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Copyright Consultation Process, 2009
The recently formed Canadian Freelance Union (www.CFUnion.ca) is a national group of independent (freelance) media workers. Our members write the articles you read, produce the documentaries you hear and see, and author the books you have on your shelf. We create the photographs and illustrations found in newspapers and magazines, and we produce the research reports, newsletters, brochures websites, and annual reports for business, government and the non-profit sector.
As independent creators we face two challenges. On the one hand our very existence depends on our ability to get paid for the works we produce. This is not some philosophical position. This is about feeding our families, keeping a house over our heads, and contributing the economic, social and cultural life of our country. Any general expansion of Fair Dealing will impact us negatively.
On the other hand, as independent creators we face an increasingly difficult business climate. Our former partners, the distributors of content (publishers, broadcasters, producers), are extracting more and more rights from us, and paying less and less.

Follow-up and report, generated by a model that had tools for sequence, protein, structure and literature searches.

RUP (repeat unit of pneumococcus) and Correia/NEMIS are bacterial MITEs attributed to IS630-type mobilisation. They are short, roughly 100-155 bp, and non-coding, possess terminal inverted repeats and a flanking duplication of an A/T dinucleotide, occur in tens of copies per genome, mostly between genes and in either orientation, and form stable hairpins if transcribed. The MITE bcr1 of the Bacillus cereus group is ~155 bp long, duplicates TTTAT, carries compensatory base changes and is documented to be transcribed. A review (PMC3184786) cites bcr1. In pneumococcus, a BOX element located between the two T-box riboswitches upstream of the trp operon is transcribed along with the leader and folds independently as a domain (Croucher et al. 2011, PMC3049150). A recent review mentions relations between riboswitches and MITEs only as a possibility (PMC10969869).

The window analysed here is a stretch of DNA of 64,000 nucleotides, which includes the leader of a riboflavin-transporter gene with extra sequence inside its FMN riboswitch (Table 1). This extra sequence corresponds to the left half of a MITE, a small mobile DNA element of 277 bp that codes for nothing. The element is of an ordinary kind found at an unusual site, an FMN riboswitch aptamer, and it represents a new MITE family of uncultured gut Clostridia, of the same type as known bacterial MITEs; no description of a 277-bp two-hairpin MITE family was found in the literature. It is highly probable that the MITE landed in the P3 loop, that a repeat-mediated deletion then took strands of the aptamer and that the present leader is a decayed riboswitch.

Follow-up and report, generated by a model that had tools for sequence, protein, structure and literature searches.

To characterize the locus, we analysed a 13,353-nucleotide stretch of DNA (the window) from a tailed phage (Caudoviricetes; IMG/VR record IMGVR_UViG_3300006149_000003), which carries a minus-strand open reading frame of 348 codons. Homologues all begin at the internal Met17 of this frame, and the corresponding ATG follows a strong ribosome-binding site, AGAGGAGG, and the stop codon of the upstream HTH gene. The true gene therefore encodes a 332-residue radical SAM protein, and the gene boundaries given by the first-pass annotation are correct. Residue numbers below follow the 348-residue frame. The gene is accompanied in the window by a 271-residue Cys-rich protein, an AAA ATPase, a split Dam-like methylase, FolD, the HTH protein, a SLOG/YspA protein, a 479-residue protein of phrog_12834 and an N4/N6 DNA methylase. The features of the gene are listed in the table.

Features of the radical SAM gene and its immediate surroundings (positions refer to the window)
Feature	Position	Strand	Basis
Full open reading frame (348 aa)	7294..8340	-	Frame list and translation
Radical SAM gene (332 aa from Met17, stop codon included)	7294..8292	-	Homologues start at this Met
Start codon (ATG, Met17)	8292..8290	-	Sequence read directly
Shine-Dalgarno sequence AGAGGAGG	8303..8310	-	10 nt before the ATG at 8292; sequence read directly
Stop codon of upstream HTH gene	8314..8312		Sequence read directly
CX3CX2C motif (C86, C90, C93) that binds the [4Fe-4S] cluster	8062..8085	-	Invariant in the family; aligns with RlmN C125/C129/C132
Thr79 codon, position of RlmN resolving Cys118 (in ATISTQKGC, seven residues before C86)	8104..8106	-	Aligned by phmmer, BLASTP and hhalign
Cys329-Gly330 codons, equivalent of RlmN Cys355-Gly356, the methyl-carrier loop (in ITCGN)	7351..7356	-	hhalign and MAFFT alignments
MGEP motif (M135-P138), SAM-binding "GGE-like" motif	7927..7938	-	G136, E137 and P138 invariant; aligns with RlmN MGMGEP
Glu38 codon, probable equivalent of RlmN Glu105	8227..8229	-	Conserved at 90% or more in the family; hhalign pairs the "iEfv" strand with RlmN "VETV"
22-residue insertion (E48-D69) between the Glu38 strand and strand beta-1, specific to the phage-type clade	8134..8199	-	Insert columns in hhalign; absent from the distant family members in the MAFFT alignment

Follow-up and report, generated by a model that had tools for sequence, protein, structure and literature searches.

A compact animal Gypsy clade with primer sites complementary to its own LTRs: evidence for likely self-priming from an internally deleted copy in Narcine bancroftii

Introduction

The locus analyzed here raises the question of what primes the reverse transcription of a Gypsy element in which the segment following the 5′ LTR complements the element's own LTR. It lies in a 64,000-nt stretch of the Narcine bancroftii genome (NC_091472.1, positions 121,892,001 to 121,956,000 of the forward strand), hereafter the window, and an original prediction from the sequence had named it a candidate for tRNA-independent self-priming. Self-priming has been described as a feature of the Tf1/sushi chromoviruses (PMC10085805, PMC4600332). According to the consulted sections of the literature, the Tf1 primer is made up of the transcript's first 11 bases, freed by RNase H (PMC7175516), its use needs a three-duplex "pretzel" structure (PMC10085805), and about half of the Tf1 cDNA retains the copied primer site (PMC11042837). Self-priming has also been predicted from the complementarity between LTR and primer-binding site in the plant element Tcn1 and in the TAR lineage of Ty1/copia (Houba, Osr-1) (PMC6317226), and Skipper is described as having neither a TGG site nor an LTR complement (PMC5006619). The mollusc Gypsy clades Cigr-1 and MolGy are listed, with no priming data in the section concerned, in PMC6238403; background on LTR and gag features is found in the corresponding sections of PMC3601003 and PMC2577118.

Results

Today, the typical freelance writer makes the same dollar amount as he or she did in 1979. Let that sink in for a minute. It is a stunning fact. When factored for inflation, independent media workers in this country have seen their real income plummet by 65% in thirty years.
This trend has nothing to do with the financial ups or downs of the business cycle, and is not driven by the profitability of various media sectors. It is simply a fact of increasingly larger corporate distributors who are driving rates down through their dominance in the market place.
Adding to this financial injury is the fact that these same distributors now demand that creators relinquish virtually all financial rights to our works. The choice is to work for these terms, or starve. Saying "no" is not an option. To take a recent example, the current Transcontinental freelance contract demands the right of first publication, plus "the ongoing non-exclusive right to do in respect of the Work any other act that is subject to copyright protection under the Canadian Copyright Act." There is no negotiation. It is take it, or leave it.
As independent creators we are stripped of any benefit the Copyright Act might grant us. We are systematically being cut out of the financial loop in this new digital age.
Suggestions for Copyright Reform:
The Canadian Freelance Union is a member of the Communications, Energy & Paperworkers Union of Canada (CEP Local 2040). We have come together to address many of the issues identified here. We would be happy to discuss the above proposals, plus many other ideas. All of these ideas are aimed at bringing balance back to our currently dysfunctional freelance market, and directly supporting those who actually create.
Michael OReilly, President
Canadian Freelance Union